To begin with, the ASBO concerned anti-social behaviour which caused “harassment, alarm or distress.” What may previously have been thought of as typical young, boisterous behaviour will now fall under the category of “nuisance or annoyance”. Following an enlargement of actions that could fall under the scope of an IPNA, there is likely to be a severe increase in the number of youths being punished.

Whilst a robust attitude by the government can act as a deterrent, the ability to educate youths should not be undermined. Whether these youths are made aware of their legal stance under the current ASBO is doubtful. Given the wider scope of the IPNA, there is a necessity to make youths fully aware of the consequences their actions could have. Youths may be building up unnecessary criminal records from an early age, which will of cause haunt them into their adult lives. How teenagers are expected to know which behaviour they are legally able to exercise is similar to their understanding of the current English legal system.

Politicians are aiding this issue with a less than suitable method. S.49 of the Children and Young Persons Act 1933, which disallows reporting of proceedings for young people, will not apply to IPNAs. Parliament hopes that it will raise public awareness of inappropriate behaviour and the consequences. However, what may aid awareness, will in turn subject young people to an attack of liberties. Controversies regarding privacy and child protection will be brought to light.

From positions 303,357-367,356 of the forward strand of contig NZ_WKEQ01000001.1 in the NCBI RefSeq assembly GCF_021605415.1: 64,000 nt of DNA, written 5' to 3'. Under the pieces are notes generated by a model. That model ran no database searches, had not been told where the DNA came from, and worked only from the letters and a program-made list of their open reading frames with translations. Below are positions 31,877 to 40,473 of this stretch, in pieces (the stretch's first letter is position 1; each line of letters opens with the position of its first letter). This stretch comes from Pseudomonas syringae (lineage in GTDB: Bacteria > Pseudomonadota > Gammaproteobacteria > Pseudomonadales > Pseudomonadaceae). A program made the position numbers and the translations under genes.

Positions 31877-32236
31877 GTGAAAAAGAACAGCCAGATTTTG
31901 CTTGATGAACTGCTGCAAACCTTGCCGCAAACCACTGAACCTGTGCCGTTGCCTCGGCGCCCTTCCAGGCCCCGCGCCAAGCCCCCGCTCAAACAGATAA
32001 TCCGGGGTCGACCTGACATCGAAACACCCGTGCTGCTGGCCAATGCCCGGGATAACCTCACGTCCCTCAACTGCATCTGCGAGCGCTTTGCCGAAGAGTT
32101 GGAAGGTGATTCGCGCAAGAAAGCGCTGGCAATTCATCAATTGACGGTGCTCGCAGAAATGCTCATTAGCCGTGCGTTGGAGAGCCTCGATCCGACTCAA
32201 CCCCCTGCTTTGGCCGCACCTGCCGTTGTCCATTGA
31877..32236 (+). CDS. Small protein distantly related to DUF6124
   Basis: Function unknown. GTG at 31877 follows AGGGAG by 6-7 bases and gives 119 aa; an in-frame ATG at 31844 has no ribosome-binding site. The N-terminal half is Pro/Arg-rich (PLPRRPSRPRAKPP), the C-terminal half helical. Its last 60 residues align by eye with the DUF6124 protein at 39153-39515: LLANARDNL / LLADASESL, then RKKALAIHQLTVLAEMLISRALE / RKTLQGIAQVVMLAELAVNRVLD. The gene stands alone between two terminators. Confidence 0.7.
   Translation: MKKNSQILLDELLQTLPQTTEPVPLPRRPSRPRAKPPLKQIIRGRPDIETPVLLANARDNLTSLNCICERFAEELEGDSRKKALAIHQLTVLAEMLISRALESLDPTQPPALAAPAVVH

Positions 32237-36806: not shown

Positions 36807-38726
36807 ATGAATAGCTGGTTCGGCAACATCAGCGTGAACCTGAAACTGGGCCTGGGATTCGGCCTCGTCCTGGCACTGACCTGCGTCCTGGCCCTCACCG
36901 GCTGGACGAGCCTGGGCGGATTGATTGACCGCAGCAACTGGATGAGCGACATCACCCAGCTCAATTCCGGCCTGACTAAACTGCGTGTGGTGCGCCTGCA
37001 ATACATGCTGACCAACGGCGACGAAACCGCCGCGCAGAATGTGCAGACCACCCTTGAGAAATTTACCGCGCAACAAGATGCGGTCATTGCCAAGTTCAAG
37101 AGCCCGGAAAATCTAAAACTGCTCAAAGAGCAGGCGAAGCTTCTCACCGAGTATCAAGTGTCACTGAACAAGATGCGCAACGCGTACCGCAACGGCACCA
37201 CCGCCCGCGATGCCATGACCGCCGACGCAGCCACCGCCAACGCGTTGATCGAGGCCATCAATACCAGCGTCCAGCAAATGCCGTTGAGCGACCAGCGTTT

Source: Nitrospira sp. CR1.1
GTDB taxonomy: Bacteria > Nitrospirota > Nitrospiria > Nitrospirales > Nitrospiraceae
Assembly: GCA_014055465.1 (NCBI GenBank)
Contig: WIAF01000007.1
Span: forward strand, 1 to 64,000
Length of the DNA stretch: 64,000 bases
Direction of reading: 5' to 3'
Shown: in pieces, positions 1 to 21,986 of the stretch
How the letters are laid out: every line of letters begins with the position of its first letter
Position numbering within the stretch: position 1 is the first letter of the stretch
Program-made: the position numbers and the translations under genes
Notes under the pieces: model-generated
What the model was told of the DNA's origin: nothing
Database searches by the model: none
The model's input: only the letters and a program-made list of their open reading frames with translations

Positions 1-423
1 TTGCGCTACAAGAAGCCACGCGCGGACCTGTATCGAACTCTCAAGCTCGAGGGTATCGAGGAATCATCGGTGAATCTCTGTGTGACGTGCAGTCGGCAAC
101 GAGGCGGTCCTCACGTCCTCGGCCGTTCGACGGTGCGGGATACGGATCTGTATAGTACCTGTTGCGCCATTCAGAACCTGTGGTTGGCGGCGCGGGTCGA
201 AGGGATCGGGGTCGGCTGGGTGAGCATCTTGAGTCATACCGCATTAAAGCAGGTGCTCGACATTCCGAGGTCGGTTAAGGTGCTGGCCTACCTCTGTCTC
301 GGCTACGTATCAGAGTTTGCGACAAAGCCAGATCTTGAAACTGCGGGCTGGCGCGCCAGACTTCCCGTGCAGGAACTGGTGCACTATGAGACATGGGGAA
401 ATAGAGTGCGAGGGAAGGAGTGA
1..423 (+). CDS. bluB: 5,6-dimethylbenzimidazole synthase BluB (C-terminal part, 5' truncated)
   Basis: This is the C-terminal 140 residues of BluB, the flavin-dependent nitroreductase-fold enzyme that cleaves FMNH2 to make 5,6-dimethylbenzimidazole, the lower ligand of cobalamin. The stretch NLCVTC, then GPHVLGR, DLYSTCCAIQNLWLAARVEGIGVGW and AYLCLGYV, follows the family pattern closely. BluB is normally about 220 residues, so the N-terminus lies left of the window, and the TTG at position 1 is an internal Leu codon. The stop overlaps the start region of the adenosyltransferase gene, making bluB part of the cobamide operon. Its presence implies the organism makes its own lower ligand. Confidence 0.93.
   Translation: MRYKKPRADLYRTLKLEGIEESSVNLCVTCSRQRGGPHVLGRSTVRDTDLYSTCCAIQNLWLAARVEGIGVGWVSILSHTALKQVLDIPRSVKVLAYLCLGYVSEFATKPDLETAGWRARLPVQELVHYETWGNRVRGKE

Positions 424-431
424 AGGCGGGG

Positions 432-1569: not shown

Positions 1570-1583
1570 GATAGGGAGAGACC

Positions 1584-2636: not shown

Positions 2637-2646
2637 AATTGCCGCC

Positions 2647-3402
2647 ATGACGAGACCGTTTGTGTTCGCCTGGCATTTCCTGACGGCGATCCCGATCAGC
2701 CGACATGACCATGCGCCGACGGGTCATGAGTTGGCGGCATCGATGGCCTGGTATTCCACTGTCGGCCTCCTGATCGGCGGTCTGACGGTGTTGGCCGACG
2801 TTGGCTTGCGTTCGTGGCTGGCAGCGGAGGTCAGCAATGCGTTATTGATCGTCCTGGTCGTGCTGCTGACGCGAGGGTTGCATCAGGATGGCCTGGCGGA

Once brought into the media’s eye, children as young as 10 will be essentially branded as societies’ criminals regardless of the lack of criminal conviction. This is a social label which Parliament offers no cure.

With regards to disabilities, two main concerns come to light. Firstly, there is no ‘mens rea’ requirement. Those with learning disabilities may be issued an IPNA, regardless of not fully comprehending the consequences of their actions. Secondly, the Bill gives local authorities the discretion to decide what they consider to be anti-social behaviour. Those with learning disabilities often wrongly have less political influence in society and are at risk of communities branding their behaviour as anti-social due to a lack of a true understanding of their psychological behaviour. We can only hope that a court would take such considerations into account before issuing an IPNA.